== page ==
The first is one of those ‘let gays die bill’:
House Bill No. 5040 would prohibit public and private colleges from disciplining ‘a student in a counseling, social work, or psychology program because the student refuses to counsel or serve a client as to goals that conflict with a sincerely held religious belief or moral conviction of the student.’ …
The second … House Bill No. 5039 would prohibit state agencies and units of local government … from adopting any ordinance or policy that includes, as a protected class, any classification not included in the state’s Elliott-Larsen Civil Rights Act. All classifications already listed in current ordinances or policies would be voided.
So if we ever wonder where the bullies of school age get their ideas, we just look to the bullies of at least chronological adulthood age.
But note, good things are happening toward equality in Michigan, too. Via The Advocate:
Michigan Pastor Arrested for Gay Rights Protest
The Rev. Bill Freeman was arrested Wednesday in Holland for protesting the city’s lack of a gay rights antidiscrimination ordinance in an action inspired by Occupy Wall Street.
The Grand Rapids Press reports on Freeman, minister of Interfaith Congregation, who refused to leave City Hall and was taken to the Ottawa County Jail. He posted $100 bond late Wednesday and was released.
The Holland City Council voted 5 to 4 in June to maintain the nondiscrimination ordinance covering employment and housing in its current form without protections for sexual orientation and gender identity.
Note, too, that very close vote. There’s hope in Holland, Michigan. And in Odessa, Texas. From Permian Basin 360:
First Ever Coming Out Rally In The Basin
West Texans came out for marriage. On Saturday (October 16), the Lesbian-Gay-Bisexual and Transgender community held a nationwide rally and mass same-sex marriage ceremonies.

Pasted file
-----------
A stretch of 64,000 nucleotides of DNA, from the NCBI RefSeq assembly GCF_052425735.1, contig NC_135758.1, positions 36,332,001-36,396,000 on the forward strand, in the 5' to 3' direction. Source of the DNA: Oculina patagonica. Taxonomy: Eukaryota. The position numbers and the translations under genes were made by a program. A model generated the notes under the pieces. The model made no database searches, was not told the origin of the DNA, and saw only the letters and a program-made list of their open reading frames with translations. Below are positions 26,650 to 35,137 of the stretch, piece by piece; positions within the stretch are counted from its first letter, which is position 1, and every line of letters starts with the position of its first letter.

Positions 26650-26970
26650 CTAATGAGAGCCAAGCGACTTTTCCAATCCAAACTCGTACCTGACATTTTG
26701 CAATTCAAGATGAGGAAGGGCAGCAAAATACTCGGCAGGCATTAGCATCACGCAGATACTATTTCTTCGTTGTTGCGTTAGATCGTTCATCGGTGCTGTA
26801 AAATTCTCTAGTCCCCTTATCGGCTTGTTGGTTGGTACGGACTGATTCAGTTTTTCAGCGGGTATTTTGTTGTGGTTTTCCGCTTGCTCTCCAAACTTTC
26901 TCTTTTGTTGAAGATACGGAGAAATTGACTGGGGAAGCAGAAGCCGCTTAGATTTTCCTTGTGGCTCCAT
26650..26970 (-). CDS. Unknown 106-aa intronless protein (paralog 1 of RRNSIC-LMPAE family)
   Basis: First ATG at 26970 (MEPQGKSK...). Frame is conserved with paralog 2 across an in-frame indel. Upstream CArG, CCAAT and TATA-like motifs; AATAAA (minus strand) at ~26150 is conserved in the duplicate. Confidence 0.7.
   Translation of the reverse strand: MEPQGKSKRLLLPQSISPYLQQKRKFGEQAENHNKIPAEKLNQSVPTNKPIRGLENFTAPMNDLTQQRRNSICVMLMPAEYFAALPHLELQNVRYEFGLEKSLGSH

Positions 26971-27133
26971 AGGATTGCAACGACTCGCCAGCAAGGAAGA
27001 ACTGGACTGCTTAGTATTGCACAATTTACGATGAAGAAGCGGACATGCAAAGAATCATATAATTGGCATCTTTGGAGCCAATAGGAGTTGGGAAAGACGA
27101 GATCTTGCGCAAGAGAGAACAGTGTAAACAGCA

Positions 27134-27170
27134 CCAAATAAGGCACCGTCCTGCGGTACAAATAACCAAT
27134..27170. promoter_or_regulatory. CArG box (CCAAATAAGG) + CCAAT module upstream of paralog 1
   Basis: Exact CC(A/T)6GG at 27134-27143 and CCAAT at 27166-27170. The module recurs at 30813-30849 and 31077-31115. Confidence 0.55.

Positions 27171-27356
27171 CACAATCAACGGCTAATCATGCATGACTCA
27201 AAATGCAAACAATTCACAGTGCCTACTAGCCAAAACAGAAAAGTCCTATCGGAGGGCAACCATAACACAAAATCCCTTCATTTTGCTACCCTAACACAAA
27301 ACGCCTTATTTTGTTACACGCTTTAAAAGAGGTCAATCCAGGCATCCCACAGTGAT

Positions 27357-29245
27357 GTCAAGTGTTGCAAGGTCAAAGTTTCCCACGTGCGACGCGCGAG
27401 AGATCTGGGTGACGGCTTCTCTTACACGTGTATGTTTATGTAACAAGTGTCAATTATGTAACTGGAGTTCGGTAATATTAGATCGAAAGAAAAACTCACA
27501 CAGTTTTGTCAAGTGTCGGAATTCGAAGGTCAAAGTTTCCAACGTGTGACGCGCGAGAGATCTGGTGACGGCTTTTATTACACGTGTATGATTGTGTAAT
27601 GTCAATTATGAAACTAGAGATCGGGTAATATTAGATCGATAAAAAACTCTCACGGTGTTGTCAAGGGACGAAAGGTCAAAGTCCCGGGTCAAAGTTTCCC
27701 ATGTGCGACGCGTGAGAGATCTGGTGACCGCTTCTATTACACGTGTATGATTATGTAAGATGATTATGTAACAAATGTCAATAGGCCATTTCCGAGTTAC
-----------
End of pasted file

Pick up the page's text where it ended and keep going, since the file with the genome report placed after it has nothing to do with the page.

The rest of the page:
Local supporters gathered at Sherwood Park in Odessa for the first LGBT rally in the Permian Basin. …
Organizers say they hope to make this an annual rally in Odessa and they will do this until texas allows equal marriage rights.
And finally, in a “it couldn’t happen to a more deserving group,” Thursday Jim Burroway at Box Turtle Bulletin wrote Marriage Opponents Lose Pursuit Of Special Rights:
It’s been a bad week for the National Organization for Marriage. Two separate courts this week ruled against NOM’s attempt to enshrine a special right to flout laws intended to lend transparency to the electoral process. The first loss came on Monday when Federal Judge Benjamin Settle ruled in Doe v Reed … that the state of Washington must disclose the names of citizens who signed the petition putting Referendum 71 on the ballot. …
(Then) … Federal Judge Morrison England, Jr., today issued a bench ruling denying ProtectMarriage.com and NOM’s quest for a special right to withhold the release of campaign finance records related to the passage of Propositon 8 three years ago.
The “hate mail” and bullying and legislative imposition of “my size fits all” morality efforts aren’t going to disappear. But every challenge to inequality, every supportive statement and gathering, helps reduce the opportunities for negative judgments of words and actions.